As the news of CRPF firing at unarmed boys reached other parts of village, people came out and started pelting stones.
“One of Faizan’s friends came running and said Faizanas Ayei Kalas gouil (Fazian is hit by a bullet in his head),” recalls Dar. “Someone was holding my son in his lap. I checked him and he was dead.”
However huge presence of people around Faizan’s lifeless body forced Dar to take him to the hospital in nearby Pakharpora village. “Emotions were running high that time so I let them take him to the hospital,” said Dar.
Around 1:30 pm thousands of people rushed out to participate in Fazian’s funeral. “He was eldest among three siblings,” said Dar.
But Faizan was not the only one who had received bullet in Dalwan village. “It was difficult to recognize to recognize him but I still remember how badly his head was bleeding,” recalls Adil.
The boy was later identified as Mohmmad Abbas Rahter.
“He left home for a walk. Every day he would pick and drop me from my duty,” said Abbas’ father Fatehi Mohammad Rahter, who works in the police department. “I was waiting for him to drop at my office.”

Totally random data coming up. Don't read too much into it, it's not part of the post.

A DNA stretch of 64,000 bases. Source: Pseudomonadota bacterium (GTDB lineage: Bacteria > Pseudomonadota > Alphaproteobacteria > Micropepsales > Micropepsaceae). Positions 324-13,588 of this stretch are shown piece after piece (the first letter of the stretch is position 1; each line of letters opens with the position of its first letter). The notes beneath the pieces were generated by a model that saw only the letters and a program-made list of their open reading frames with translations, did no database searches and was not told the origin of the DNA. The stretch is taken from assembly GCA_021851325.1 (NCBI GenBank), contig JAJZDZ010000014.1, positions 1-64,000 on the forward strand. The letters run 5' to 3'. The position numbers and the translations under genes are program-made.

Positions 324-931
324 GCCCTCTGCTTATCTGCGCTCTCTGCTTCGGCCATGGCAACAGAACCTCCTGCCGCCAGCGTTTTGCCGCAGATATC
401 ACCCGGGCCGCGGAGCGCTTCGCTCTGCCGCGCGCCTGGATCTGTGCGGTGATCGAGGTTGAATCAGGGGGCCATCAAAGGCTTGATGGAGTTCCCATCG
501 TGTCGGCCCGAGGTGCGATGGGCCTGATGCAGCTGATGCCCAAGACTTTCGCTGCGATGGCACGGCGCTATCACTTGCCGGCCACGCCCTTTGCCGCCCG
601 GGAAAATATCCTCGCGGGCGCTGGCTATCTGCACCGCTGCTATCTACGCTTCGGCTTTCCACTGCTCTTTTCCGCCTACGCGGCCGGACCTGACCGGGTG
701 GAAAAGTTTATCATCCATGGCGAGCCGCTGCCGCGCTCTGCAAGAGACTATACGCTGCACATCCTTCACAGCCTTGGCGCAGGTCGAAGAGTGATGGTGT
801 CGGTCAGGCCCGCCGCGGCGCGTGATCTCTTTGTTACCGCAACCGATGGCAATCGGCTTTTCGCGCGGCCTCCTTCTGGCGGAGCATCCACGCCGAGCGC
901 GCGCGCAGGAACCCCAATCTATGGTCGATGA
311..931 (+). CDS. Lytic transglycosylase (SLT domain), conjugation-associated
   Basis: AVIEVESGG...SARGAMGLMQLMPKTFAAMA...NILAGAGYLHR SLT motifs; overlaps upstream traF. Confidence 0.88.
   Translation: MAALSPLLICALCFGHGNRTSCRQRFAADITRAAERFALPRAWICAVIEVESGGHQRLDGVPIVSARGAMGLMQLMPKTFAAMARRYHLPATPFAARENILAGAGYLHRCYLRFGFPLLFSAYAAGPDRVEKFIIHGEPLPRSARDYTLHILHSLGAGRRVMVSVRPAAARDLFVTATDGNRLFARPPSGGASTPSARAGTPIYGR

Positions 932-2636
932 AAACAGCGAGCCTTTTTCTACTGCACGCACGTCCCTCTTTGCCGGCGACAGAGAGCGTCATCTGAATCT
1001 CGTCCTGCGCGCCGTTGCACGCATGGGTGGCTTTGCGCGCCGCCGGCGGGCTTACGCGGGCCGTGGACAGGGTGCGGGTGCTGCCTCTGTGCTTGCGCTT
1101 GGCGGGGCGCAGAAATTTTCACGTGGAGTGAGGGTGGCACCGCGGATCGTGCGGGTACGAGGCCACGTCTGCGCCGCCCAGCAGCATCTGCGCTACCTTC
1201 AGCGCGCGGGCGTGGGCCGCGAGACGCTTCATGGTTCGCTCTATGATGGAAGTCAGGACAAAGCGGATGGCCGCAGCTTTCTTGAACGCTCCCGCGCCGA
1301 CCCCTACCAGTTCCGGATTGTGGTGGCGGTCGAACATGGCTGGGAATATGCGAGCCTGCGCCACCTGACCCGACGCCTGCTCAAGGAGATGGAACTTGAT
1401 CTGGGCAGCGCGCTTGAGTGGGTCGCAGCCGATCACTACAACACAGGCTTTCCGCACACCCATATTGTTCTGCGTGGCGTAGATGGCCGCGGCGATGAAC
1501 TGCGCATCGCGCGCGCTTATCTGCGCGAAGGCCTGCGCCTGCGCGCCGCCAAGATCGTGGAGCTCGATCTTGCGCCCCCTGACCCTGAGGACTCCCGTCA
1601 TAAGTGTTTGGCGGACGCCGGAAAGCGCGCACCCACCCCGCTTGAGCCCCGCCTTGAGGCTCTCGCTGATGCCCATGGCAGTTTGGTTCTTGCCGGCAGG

When Abbas didn’t return, his father called on his phone.
“The call was received by some unknown person. I could hear lots of noise in the background as well,” said Abbas’ father. “He informed me that my son was shot in the head.”
Abbas’ father quickly rushed to the school where his son was lying in a pool of blood. Quickly he was rushed to the sub district hospital Chadoora. “They referred him to Srinagar hospital,” said Abbas’ father.
As ambulance carrying Abbas reached SMHS hospital in Srinagar, hundreds of people assembled around it and began shouting pro-freedom slogans. “They declared him brought dead and handed over his blood drenched body,” said his father. Abbas was Class 10 student.
Abbas’ body was carried through narrow streets and taken for burial. On the way people showered flowers and candies on his funeral.
Shabir Ahmad Bhat